We are in an era of change. That’s something I knew all too well when I was a recruitment and communications director on campus, but it has become more and more clear to me as I travel the country meeting with enrollment management and marketing leaders at colleges and universities. The status quo is the status no. The stakes are high. And you’re under pressure like never before to do more with less: grow the class, improve the profile, and increase net tuition revenue.
One thing I’m hearing from schools large and small is that this change, this increasing urgency, has caused many to reexamine how they approach student recruitment altogether. It used to be that recruitment was solely the job of the office of admission. You brought in the class, the faculty and academic departments educated them, and student life staff served them through the process and out into the real world. But that’s just not good enough anymore. Recruitment has become a campus-wide endeavor, and those schools that can create a culture of shared accountability to support student recruitment will be the ones that best weather this storm.
Of course, that doesn’t just happen on its own. Asking faculty and staff outside of the admission office to participate in student recruitment is a shock to a system that is notoriously comfortable and traditionally averse to change. It’s on today’s enrollment management leaders to make the ask, which is why John Kotter’s Leading Change should be required reading for all sitting directors of admission. Kotter outlines an eight-step process for leading change that is a perfect template for transforming your campus.
Step 1: Create urgency
We’re there, people. Demographics are changing. Expectations for enrollment growth are unrealistic. Resources—human and financial—are becoming more and more scarce. You may already feel the pinch, but the challenge is to educate the rest of campus to make them also feel that urgency. Analyze your data, simplify it, and share it in a way that reveals opportunities for campus collaboration.
Step 2: Form a powerful coalition
Create a formal group of leaders from different areas of campus, people with enough clout to make things happen in their respective college, department, or unit. The makeup of this group is critical. Members have to share a fundamental belief that student recruitment is important and that the admission office no longer can go it alone. They have to understand the changing landscape of enrollment management, the challenges and opportunities. They’ll have to have imagination, creativity, and a willingness to take risks.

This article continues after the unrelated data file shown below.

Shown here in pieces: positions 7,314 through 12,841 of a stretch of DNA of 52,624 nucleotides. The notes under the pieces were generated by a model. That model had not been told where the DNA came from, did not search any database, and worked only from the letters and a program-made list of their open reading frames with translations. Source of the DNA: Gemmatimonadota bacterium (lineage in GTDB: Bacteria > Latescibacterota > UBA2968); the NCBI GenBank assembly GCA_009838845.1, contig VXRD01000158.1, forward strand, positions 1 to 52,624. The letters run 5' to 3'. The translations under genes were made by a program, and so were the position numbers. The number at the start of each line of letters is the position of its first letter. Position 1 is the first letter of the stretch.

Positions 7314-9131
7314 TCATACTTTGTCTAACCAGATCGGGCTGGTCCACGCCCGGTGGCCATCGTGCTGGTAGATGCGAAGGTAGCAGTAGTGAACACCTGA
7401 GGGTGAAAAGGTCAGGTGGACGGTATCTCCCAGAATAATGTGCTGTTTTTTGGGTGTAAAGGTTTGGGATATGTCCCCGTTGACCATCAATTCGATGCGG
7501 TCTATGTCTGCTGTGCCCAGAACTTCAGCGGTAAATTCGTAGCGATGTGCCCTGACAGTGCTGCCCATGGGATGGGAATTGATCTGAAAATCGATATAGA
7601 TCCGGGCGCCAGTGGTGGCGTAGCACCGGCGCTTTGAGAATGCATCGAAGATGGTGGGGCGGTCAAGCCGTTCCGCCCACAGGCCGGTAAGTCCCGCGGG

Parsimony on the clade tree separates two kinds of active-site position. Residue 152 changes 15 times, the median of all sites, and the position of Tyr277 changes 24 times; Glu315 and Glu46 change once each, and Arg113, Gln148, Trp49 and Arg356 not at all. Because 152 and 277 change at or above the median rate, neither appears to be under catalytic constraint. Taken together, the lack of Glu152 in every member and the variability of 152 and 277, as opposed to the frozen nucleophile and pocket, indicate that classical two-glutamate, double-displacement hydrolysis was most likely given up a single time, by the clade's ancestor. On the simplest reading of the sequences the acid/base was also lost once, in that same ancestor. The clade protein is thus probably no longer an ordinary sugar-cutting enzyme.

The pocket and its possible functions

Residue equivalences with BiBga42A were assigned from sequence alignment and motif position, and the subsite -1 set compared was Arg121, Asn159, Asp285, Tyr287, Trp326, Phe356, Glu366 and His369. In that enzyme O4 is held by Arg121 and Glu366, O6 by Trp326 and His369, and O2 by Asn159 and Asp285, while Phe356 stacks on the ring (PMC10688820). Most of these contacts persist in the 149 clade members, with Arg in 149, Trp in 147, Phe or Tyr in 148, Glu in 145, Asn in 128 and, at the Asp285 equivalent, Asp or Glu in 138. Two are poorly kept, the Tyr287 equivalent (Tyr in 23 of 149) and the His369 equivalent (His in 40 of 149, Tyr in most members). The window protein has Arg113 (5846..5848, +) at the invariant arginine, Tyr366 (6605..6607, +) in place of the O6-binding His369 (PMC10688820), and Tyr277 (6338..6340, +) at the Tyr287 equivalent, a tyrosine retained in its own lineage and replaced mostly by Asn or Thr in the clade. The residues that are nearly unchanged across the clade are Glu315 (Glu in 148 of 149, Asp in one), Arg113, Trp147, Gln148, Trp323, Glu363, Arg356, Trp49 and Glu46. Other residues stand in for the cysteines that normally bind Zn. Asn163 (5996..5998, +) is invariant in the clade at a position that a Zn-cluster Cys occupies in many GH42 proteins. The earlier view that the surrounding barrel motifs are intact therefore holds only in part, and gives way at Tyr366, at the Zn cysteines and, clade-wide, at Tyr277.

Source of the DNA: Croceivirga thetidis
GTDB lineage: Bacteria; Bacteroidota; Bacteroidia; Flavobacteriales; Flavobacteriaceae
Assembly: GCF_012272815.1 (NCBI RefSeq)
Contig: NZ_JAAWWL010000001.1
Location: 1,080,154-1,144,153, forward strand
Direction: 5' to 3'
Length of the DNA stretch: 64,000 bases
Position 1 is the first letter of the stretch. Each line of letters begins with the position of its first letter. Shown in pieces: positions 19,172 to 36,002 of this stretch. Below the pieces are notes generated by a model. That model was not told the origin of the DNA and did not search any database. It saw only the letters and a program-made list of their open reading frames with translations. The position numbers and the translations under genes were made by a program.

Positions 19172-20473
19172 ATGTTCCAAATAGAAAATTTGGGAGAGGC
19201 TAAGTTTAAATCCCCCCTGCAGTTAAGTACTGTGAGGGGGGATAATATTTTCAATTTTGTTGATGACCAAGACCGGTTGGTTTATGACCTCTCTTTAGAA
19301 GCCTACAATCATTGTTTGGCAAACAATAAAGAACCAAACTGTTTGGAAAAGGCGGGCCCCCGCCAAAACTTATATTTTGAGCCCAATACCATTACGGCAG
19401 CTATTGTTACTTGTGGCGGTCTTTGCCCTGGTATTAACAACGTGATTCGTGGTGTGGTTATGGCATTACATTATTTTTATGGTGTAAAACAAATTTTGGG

Step 3: Create a vision for change
It’s easy to say student recruitment should be a campus effort, but what does that mean? It means different things to different schools. I talked to a school last week that has faculty and staff volunteers from all over campus calling admitted students. Another school has faculty and current students hosting events in core recruitment markets. Another had their men’s basketball coach, from a top 25 Division I program, welcome students to a large open house during the basketball season. You need to decide what it looks like in the end and what it means for those you’re asking to play a role, because they’re going to ask.
Step 4: Communicate the vision
Once you’ve created a vision for what it looks like when campus is collaborating to support student recruitment, talk about it, write about it, share it in meetings, add it to every agenda. Go door to door if you have to. Answer questions and squash rumors. The more people hear from you the less threatened they’ll feel and the more likely they are to buy in and support the change.
Step 5: Remove obstacles
Are there current structures in place that stand in the way of what you’re trying to accomplish? Do you have your department organized in a way that makes sense in order to be able to both serve students through the admission process and lead campus in recruiting a class? With all of the new things you and your office are doing, are there old things you no longer should do? These are all questions to ask.
Step 6: Create short-term wins
This is probably the most important step in creating and sustaining momentum on campus. When people are asked to do more, they want to know their increased effort led to positive results. This is especially true of data-minded, always-busy faculty. Set it up in advance and identify metrics to measure so you know you’ll have results to share. If you have faculty participating in a visit day or meeting one-on-one with students, survey the students and share the results. Compare yield on students who meet with faculty or other non-admission staff with those who don’t. Chances are good that it’ll be higher. Share that.
Step 7: Build on the change
Update campus regularly on key metrics throughout the recruitment cycle: applications, admitted students, deposits, visitors, etc. Let them know how you’re trending—even if it’s not good news. Information is power, and in order to cultivate change you have to empower your campus partners. Sharing this kind of information on a regular basis also is an opportunity to gather feedback and ideas from people around campus. Nothing builds buy-in like someone outside of admission seeing their idea come to fruition.
Step 8: Anchor the changes in culture
Real change takes time, building slowly like a whisper to a shout. It takes strong vision, lots of communication, and unwavering commitment—but it’s well within the realm of possibility. I see it happening all over the country. Find those on campus who are willing and give them meaningful things to do. Recognize them. Celebrate the wins. Share the results. Rinse and repeat. And repeat again.